SpaceX is targeting Monday, April 17, for the maiden launch of the most powerful rocket ever built after receiving clearance from the Federal Aviation Administration (FAA).
“After a comprehensive license evaluation process, the FAA determined SpaceX met all safety, environmental, policy, payload, airspace integration, and financial responsibility requirements,” the agency said in a statement on Friday.
The Starship, comprising the first-stage Super Heavy booster and upper-stage Starship spacecraft, will lift off from SpaceX’s Starbase facility in Boca Chica, Texas, in what will be its first orbital flight.
If SpaceX is able to stick to its launch plan, the rocket will lift off at 7 a.m. local time (5 a.m. PT) in just a few days from now. A live stream of the mission will be shared on SpaceX’s YouTube channel.
The highly anticipated flight will be a relatively short one. Several minutes after leaving the pad, the Starship will separate from the first-stage Super Heavy booster. As the Starship continues on toward orbit, the booster will come down in the Gulf of Mexico. It won’t be recovered, but future missions will see the booster perform a controlled landing back at base so that it can be reused in future missions.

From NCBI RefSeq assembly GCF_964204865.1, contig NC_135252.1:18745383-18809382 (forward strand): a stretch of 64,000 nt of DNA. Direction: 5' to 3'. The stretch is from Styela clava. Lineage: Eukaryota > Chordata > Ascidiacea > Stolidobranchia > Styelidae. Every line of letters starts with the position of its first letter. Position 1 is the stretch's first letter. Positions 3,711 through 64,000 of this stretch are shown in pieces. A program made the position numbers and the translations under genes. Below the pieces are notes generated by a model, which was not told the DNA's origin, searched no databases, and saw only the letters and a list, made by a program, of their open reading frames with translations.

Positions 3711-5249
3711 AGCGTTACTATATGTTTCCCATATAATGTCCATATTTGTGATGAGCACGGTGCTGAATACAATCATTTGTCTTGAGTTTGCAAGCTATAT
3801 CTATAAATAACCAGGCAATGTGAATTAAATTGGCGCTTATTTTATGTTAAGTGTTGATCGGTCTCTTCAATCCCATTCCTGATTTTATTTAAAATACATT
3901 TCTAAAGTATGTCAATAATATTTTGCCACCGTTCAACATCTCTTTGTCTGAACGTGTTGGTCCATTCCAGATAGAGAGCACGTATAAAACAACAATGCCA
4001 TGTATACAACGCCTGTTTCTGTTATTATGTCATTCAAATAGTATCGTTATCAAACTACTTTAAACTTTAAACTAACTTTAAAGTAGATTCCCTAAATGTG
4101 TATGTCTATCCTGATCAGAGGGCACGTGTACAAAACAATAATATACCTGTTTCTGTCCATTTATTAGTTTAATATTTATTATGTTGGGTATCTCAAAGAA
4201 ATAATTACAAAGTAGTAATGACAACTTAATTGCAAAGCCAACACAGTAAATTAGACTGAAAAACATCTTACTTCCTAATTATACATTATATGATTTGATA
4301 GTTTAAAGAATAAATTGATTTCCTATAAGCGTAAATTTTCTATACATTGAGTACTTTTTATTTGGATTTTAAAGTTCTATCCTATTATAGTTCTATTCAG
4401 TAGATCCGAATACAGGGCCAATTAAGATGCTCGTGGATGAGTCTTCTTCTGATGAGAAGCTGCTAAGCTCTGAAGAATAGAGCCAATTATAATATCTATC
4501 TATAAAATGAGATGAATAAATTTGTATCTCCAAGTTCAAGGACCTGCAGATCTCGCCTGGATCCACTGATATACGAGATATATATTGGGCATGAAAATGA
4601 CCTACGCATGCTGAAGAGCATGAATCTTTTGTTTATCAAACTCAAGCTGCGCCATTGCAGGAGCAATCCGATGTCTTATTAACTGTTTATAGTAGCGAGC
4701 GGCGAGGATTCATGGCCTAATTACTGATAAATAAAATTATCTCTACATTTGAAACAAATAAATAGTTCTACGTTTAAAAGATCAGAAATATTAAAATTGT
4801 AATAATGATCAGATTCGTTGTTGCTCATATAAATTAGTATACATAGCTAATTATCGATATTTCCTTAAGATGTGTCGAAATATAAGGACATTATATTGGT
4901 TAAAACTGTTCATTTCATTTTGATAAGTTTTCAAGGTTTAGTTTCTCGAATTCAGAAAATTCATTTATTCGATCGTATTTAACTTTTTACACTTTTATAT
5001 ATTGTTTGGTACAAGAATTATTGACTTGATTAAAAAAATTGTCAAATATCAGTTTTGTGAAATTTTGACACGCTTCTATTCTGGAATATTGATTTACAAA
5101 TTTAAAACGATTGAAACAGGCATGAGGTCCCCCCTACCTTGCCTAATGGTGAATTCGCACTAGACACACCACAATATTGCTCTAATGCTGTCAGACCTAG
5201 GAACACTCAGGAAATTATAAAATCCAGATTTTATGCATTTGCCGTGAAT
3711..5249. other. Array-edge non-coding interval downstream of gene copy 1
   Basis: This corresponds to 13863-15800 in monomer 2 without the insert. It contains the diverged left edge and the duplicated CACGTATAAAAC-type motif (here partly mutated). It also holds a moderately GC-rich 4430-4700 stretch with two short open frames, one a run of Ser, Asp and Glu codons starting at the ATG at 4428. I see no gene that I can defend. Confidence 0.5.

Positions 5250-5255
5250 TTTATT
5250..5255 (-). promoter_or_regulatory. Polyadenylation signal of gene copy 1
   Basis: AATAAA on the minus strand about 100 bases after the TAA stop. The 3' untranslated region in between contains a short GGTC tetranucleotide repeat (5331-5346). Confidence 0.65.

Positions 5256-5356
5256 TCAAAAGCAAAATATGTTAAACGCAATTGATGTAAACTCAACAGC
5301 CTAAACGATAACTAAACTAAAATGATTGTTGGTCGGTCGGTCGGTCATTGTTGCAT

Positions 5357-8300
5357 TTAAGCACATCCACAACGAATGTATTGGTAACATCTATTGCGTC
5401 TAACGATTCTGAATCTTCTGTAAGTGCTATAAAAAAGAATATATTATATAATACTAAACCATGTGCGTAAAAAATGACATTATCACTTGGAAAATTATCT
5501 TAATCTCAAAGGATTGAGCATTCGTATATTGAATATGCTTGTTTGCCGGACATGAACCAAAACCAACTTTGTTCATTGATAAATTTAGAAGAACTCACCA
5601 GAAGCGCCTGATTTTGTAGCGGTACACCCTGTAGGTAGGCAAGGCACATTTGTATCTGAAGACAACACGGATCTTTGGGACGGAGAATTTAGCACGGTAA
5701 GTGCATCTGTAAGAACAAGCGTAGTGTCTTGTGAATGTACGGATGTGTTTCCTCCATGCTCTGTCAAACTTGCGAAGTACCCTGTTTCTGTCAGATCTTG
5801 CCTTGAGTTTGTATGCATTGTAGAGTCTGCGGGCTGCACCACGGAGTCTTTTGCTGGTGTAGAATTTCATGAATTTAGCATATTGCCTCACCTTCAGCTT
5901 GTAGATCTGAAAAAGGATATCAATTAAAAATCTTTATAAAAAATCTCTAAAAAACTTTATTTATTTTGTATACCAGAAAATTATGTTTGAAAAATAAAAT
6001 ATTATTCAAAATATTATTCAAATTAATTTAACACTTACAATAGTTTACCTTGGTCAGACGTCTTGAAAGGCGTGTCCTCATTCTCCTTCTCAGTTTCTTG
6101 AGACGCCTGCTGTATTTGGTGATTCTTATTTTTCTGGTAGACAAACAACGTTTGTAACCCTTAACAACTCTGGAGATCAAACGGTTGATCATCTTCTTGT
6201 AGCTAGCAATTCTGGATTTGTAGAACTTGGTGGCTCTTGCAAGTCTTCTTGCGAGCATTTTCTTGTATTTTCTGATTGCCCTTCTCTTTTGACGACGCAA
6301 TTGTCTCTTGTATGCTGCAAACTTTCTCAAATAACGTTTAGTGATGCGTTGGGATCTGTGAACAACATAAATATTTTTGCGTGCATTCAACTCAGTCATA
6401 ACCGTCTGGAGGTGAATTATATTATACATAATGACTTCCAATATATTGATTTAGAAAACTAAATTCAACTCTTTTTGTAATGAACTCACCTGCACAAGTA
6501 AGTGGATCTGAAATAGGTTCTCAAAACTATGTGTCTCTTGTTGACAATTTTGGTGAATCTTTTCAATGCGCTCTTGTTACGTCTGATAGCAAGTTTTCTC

The Starship, meanwhile, is expected to reach an altitude of about 146 miles (235 kilometers) before descending and splashing down in the Pacific Ocean near Hawaii about 90 minutes after liftoff. As with the Super Heavy, there’ll be no recovery operation, though future flights will attempt to land the vehicle so that it can be used again.
The Super Heavy’s awesome power means the launch is certain to be a spectacular sight.
When the 395-feet-tall (120 meters) Super Heavy blasts off, its 33 Raptor engines will create 17 million pounds of thrust. The record is currently held by NASA’s Space Launch System (SLS), which created 8.8 million pounds of thrust when it lifted off for the first time last November in the Artemis I mission that sent an uncrewed Orion spacecraft toward the moon.
And it’s way more powerful than the Saturn V, a rocket that created around 7.6 million pounds of thrust during launches that sent the Apollo astronauts toward the moon five decades ago.
SpaceX chief Elon Musk has acknowledged that as this will be the Starship’s maiden flight, it might not go according to plan.
“I’m not saying it will get to orbit, but I am guaranteeing excitement — [it] won’t be boring,” Musk said last month. “I think it’s got, I don’t know, hopefully about a 50% chance of reaching orbit.”
SpaceX describes the Starship as a “fully reusable transportation system designed to carry both crew and cargo to Earth orbit, help humanity return to the moon, and travel to Mars and beyond. With a test such as this, success is measured by how much we can learn, which will inform and improve the probability of success in the future as SpaceX rapidly advances development of Starship.”
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